We think about organizations, their aspirations, and how to help them achieve them – a lot! It’s our job and our passion. With the many and rapid changes of the last two years and the many more to come, we see great value in developing leaders who have greater comfort and facility with change. We aim to bring about organizational change in Kind, Open, Adaptive, Networked, and effective ways. We have a longer article about that. This post highlights a few powerful principles and shares a mini case study that illustrates them.
Have you ever been to a training or read a book that made so much sense you couldn’t wait to try it out in your organization? If so, we hope you met with astounding success. However, we have often seen well-intentioned, energized people armed with great ideas run headlong into systems that have not evolved to match or even support the training. When that happens, it can feel like someone designed the system to thwart progress intentionally. While that is rarely true, it is the case that we have spent more time in the last several decades focused on the truism that “organizations don’t change, people do.” That is both demonstrably true and inadequate for driving real change. Yes, people can change organizations, and are the only source of that change, but systems are built to be resilient and everything from the software we use to the policies we make to the way we design buildings and communication practices can either support, or interfere, with where we are trying to go.
We believe the answer lies in training individuals and evolving the system(s) they work in iteratively in a coordinated way. This approach lets us have clarity about where we want to go, start from where we are, and make meaningful changes at a pace the system can assimilate to evolve directionally rather than dramatically. Over time, this consistent evolution can add up to significant and lasting changes. Here are some principles that guide our progress:
- Begin with the end in mind
- Build human-centered models
- Trust in transparency
- Center diversity
- Recognize structural determinacy
To illustrate, we’d like to share a change that is currently underway at Integrated Work. We have been interested in self-organizing models for many years now, helping numerous clients along their journeys and watching, experimenting, and learning ourselves. We’ve seen some successes, a few stumbles, and some out-and-out failures. We knew the experience we were looking for and had a positive, transformative, and empowered end in mind.
Inspired by all we’d learned, we looked at our existing ways of operating and chose a few patterns from the systems we’d studied that solved some issues our team was struggling with. The new pieces we introduced answered frustrations and gave people tools that made work and meetings flow more easily. Specifically, we started with a few elements of a tactical meeting structure. We didn’t implement a whole system or even identify it as such, but offered some help then waited to see what happened. As it happened, the team welcomed most of it, and the parts they didn’t were adjusted to fit or dropped like a hot rock. Our approach centered on the humans we were out to serve.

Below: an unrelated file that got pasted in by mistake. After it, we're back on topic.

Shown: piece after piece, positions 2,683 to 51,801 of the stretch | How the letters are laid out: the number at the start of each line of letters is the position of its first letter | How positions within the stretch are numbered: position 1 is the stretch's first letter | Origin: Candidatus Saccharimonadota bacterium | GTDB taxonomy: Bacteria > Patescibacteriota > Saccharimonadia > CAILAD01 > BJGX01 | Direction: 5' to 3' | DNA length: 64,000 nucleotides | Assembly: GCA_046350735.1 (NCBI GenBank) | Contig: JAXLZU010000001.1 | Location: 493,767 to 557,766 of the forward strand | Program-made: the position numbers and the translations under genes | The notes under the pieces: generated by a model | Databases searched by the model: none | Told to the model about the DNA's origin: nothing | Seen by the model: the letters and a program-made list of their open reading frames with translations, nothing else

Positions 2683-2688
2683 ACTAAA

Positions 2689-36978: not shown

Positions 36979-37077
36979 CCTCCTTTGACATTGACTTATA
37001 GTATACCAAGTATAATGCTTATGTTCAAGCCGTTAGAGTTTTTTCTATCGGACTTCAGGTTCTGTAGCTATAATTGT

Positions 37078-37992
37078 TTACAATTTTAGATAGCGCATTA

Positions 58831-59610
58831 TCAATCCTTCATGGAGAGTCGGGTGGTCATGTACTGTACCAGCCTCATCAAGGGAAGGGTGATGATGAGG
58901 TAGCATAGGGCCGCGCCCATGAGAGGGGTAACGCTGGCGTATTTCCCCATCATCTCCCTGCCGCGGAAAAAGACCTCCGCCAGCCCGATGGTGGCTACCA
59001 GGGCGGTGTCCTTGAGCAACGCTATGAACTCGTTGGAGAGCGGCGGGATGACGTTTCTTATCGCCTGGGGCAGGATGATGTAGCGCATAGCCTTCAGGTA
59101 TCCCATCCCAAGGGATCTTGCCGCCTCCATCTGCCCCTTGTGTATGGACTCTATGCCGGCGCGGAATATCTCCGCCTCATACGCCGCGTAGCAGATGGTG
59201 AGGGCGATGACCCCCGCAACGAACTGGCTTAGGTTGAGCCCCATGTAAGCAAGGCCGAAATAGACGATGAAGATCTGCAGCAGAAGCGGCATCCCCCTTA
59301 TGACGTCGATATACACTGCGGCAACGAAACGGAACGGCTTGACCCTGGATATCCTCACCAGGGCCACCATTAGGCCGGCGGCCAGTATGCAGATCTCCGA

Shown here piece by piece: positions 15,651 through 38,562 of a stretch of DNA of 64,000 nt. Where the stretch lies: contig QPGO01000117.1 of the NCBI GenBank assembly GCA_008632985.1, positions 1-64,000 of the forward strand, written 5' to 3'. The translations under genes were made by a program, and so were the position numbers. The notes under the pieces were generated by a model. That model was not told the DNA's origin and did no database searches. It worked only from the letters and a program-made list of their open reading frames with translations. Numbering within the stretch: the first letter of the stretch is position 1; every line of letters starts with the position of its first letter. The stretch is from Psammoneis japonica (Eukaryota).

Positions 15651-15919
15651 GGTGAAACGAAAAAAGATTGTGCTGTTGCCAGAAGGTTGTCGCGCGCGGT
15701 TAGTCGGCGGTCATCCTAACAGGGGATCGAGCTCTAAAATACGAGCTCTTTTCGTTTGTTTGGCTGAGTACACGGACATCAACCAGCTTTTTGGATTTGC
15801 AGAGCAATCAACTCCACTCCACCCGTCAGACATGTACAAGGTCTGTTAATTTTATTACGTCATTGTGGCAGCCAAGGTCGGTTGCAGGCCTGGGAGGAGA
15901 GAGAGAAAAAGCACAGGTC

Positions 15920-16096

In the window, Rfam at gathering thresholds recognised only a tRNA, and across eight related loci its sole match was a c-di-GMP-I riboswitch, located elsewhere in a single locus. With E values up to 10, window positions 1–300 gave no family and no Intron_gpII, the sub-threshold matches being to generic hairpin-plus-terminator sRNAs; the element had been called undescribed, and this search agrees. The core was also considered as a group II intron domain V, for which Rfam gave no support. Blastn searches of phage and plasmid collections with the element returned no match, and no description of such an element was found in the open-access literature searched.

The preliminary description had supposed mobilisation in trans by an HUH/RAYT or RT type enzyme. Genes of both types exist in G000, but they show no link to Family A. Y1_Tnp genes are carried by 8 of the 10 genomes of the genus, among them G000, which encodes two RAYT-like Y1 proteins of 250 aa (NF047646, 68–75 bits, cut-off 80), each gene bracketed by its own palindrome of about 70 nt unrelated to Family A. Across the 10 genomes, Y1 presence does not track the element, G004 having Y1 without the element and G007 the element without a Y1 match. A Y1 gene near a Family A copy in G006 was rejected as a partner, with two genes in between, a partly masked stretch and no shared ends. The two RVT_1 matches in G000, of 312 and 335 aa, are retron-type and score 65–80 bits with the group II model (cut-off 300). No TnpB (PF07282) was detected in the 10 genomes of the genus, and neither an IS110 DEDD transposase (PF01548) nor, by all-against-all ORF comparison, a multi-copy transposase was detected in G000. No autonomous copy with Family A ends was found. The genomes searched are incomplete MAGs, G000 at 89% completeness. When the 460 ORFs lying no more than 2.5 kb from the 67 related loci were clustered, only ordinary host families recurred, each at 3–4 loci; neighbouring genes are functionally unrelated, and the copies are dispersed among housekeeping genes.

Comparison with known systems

As our collective muscles developed, we began introducing information that gave the team a window into our finances and operations in a more profound way. We started with a little bit of financial information. The team was curious, wanting to know more as a way to support the development of the business, so we went deeper, trusting the team with more details. That trust in transparency has paid off in a better-informed team and offers us a greater sense of stewardship for our collective future.
As we structure our teams and circles to fulfill internal and client projects, we always consider and adjust for diversity as needed. We know that a diverse team is more innovative, flexible, and resilient – and they produce excellent results. We’ve made solid strides and continue to broaden team diversity and deepen our appreciation for diverse views and experiences. Centering diversity offers many gifts and is helping us become the organization we want to be in the world.
Even as we create additional structures, we consciously and continuously release those that no longer serve. The beauty of building an appreciation for evolution into our organizational DNA is that change has become an expected and celebrated part of our work together. We see dismantling approaches, structures, and teams in favor of others that better fit our intentions as a sign of progress in the direction of our dreams. No structure is more precious than that.